Family traditions are the best, especially around the holidays.
My Great Grandmother made these. My Grandmother still makes these. And now, because I love their subtle licorice-y taste, I make them too.
These cookies are not for everyone. Tim for example states that they are not real Christmas cookies. Why not? Probably because they aren’t slathered with thick butter cream frosting and doused in sprinkles, which is basically his prerequisite for any holiday cookie. But I say, who died and made him Buddy the Elf?
These little cuties are not overly sweet. They are not overly buttery or crisp. They are not overly anything really. They have a mellow and subtlely licorice flavor. They are almost a cross between a cookie and a biscuit and make a great accompaniment for coffee or tea.
One batch makes a lot, but they freeze like a dream! These are as fun to make, as they are to eat. They are perfect for making with kids or at a party. Who doesn’t love a cookie where playing with the dough is part of the process? Twisty ropes, knots, spirals, braids, etc… You choose!
The original recipe calls for lard (no, thanks). My Grandmother sometimes substitutes shortening, which will work just fine, but I just can’t bring myself to add something so processed to the mix. So, I use good old butter. Butter makes everything better, anyhow.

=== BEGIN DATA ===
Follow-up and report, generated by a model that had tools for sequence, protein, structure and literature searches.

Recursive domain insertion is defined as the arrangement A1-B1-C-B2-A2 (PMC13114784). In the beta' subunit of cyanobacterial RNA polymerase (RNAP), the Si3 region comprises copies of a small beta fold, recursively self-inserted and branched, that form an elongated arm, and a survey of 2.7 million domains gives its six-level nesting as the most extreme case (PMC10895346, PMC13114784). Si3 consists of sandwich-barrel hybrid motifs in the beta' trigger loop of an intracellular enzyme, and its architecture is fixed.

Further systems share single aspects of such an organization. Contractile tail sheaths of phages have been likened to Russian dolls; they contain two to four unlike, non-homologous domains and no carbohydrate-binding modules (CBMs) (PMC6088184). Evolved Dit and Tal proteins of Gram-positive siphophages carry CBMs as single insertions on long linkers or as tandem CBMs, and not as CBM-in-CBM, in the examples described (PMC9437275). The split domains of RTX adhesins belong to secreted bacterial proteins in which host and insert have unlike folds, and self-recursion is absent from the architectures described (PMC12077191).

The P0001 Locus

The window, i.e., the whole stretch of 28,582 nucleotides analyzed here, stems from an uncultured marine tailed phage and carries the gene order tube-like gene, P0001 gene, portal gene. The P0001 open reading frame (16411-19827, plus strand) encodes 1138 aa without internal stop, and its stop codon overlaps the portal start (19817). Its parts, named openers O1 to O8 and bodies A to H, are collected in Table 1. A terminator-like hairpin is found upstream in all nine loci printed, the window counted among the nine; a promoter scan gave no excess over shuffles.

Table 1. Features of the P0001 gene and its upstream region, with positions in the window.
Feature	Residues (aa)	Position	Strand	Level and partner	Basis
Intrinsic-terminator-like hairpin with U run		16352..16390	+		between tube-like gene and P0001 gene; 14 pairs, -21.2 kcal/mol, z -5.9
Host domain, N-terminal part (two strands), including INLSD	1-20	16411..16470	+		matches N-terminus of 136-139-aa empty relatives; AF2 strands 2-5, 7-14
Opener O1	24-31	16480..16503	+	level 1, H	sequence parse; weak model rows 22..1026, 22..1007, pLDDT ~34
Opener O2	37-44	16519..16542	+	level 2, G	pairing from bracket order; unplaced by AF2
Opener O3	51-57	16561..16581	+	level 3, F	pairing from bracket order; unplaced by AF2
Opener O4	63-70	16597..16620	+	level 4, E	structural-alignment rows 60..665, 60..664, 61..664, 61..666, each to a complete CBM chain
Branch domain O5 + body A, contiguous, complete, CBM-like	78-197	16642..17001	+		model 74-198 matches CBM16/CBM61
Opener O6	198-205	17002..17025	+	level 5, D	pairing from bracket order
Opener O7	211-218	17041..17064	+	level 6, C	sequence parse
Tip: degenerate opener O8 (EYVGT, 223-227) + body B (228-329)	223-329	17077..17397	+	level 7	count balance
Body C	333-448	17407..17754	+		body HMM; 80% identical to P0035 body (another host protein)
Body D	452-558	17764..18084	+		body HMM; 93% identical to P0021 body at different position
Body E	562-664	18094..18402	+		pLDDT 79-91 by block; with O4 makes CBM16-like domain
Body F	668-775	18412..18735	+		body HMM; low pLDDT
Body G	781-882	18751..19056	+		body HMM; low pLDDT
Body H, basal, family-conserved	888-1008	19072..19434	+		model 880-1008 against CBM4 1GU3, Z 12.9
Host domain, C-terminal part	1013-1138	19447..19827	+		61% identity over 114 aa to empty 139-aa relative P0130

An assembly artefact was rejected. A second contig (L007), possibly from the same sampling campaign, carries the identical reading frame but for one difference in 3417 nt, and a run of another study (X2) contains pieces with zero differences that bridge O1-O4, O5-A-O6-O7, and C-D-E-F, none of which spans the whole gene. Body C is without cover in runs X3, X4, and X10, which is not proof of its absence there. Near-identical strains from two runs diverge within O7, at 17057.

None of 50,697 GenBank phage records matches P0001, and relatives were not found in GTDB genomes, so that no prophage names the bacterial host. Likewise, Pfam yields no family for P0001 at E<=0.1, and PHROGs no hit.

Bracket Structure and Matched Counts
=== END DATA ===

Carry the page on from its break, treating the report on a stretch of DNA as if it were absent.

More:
Here are the details:
- 4 cups flour
- 2/3 cup sugar
- 2/3 cup butter
- 1 tbl. Baking powder
- 1 tsp. salt
- 1 egg (beaten)
- 3 tsp. anise seeds
- Water (enough to form a workable dough)
Whisk together flour, salt, and baking powder. Set aside.
Mix butter and sugar with stand mixer. Slowly add dry ingredients to mixer.
With a potato masher or something similar, mix in the beaten egg.
Then slowly mix in enough water to form cohesive and workable dough. Knead the dough until is it elastic. You may need to add some sprinklings of flour during this process.
Keep your flour handy. You may need it while twisting and tying the dough into little shapes.
Bake for around 15 minutes at 350 degrees Fahrenheit.
After the cookies are baked and cooled, dip the tops in a simple icing made of powdered sugar, milk, and a dash of vanilla extract. I don’t use an exact formula for this because the humidity in the air seems to affect the ratios quite a bit. I just add a tiny bit of milk and vanilla to about ¾ cup of powdered sugar and mix it all together. You can always add more milk or powdered sugar to get the right consistency.
Make a hot cup of tea, coffee, cocoa, or cider and cozy up on the couch to enjoy these little Italian cookies.